Racing season marks the end of hibernation for the lawn jockey, the iconic cast-iron — or concrete — statue seen on lawns and patios throughout Saratoga Springs.
Ever wonder about the origins of the city’s favorite yard ornament?
Though disputable, there are a few unofficial accounts as to how the first lawn jockey came to be. The most popular of these traces the statues to the then-General George Washington. Just prior to making his famous Christmas crossing of the Delaware River, legend has it that Washington asked his young African-American groomsman to stay behind to look after his horses and mark the shore by lantern. When the soldiers crossed back, they found the young man dead, frozen, with the lantern still in his hand.
Thoroughly impressed by the young man’s sacrifice, Washington had a cast-iron statue made in his honor of a standing young man holding a lantern.
Lawn jockeys may have also played a role in the Underground Railroad, marking dangerous routes and safe houses along a slave’s journey north through the use of lanterns, or ribbons or flags tied to the ornament’s arm.
Today, the lawn jockey has become an embedded motif of horse racing in Saratoga.
Manager of Three Colleens Stable, David Stack traditionally puts his lawn jockey in front of his Saratoga Springs home before the Kentucky Derby.
“It’s important for us. I think for some of the big stables it probably doesn’t mean much, but for us, it’s part of the symbolism of the entire sport.”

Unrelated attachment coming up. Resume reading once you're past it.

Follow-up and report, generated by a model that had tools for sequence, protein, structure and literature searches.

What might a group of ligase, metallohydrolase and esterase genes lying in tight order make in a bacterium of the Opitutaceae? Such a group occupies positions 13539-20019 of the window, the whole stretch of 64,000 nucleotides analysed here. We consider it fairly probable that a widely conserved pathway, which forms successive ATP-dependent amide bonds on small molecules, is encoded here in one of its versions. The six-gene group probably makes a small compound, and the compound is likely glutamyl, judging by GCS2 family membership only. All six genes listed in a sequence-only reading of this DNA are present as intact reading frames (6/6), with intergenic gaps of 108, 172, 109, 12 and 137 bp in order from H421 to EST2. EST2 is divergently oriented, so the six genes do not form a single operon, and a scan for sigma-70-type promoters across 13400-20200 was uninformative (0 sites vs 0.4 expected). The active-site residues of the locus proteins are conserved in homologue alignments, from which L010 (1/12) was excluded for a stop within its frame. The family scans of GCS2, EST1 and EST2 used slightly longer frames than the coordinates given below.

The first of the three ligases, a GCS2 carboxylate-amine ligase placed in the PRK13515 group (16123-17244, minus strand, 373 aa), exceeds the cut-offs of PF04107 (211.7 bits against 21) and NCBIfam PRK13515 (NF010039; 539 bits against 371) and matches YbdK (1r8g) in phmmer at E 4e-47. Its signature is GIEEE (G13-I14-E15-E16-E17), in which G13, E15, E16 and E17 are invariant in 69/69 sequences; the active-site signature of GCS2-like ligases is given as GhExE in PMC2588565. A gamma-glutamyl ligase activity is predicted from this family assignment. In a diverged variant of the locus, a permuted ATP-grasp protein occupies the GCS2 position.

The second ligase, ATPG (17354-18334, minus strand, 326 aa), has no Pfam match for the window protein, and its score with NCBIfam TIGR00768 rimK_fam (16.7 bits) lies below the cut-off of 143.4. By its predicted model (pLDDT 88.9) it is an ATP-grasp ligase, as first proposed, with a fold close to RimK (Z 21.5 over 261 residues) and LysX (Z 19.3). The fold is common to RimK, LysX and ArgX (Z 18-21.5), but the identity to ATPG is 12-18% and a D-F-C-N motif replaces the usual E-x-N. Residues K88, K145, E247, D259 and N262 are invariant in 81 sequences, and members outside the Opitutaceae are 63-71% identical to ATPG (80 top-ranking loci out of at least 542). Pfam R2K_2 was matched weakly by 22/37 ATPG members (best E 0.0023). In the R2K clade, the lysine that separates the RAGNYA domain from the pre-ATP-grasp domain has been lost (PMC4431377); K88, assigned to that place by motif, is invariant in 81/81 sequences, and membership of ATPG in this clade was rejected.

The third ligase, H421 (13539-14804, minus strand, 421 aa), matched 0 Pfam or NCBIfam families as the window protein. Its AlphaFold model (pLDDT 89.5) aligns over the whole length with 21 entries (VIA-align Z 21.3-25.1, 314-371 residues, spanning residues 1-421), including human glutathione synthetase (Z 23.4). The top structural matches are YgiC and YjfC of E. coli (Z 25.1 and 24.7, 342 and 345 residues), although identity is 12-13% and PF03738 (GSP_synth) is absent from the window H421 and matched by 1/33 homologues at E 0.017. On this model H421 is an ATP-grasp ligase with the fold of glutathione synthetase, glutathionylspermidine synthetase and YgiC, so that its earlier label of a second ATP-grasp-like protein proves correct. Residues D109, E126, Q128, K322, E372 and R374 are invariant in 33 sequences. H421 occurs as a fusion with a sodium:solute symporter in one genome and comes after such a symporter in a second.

As Stack has heard, it may have at one time been tradition in Saratoga Springs for a family to put their lawn jockey out in front of the house when they were in residency. Though his permanent address is in Saratoga Springs, he refrains from putting his jockey out until the Skidmore students have left for the summer.
“They can’t seem to keep their hands off of it,” he laughed.
Stack plans to run three horses this summer: Chrissy Girl, Soul Opposition and Echlauth, or “fast horse” in Gaelic.
“It’s really interesting — to me, at least — Saratoga is such a horse literate town. People recognize the silks, and when we’re running a horse people will give us a honk as they drive by as if to say ‘good luck,’ ” Stack said.
More than three feet high, Stack’s jockey dons the unique silks of his stable: five shamrocks on the front of a white jersey, gold inseam on the sleeve and a gold cap.
“In a town like Saratoga, it’s meaningful.”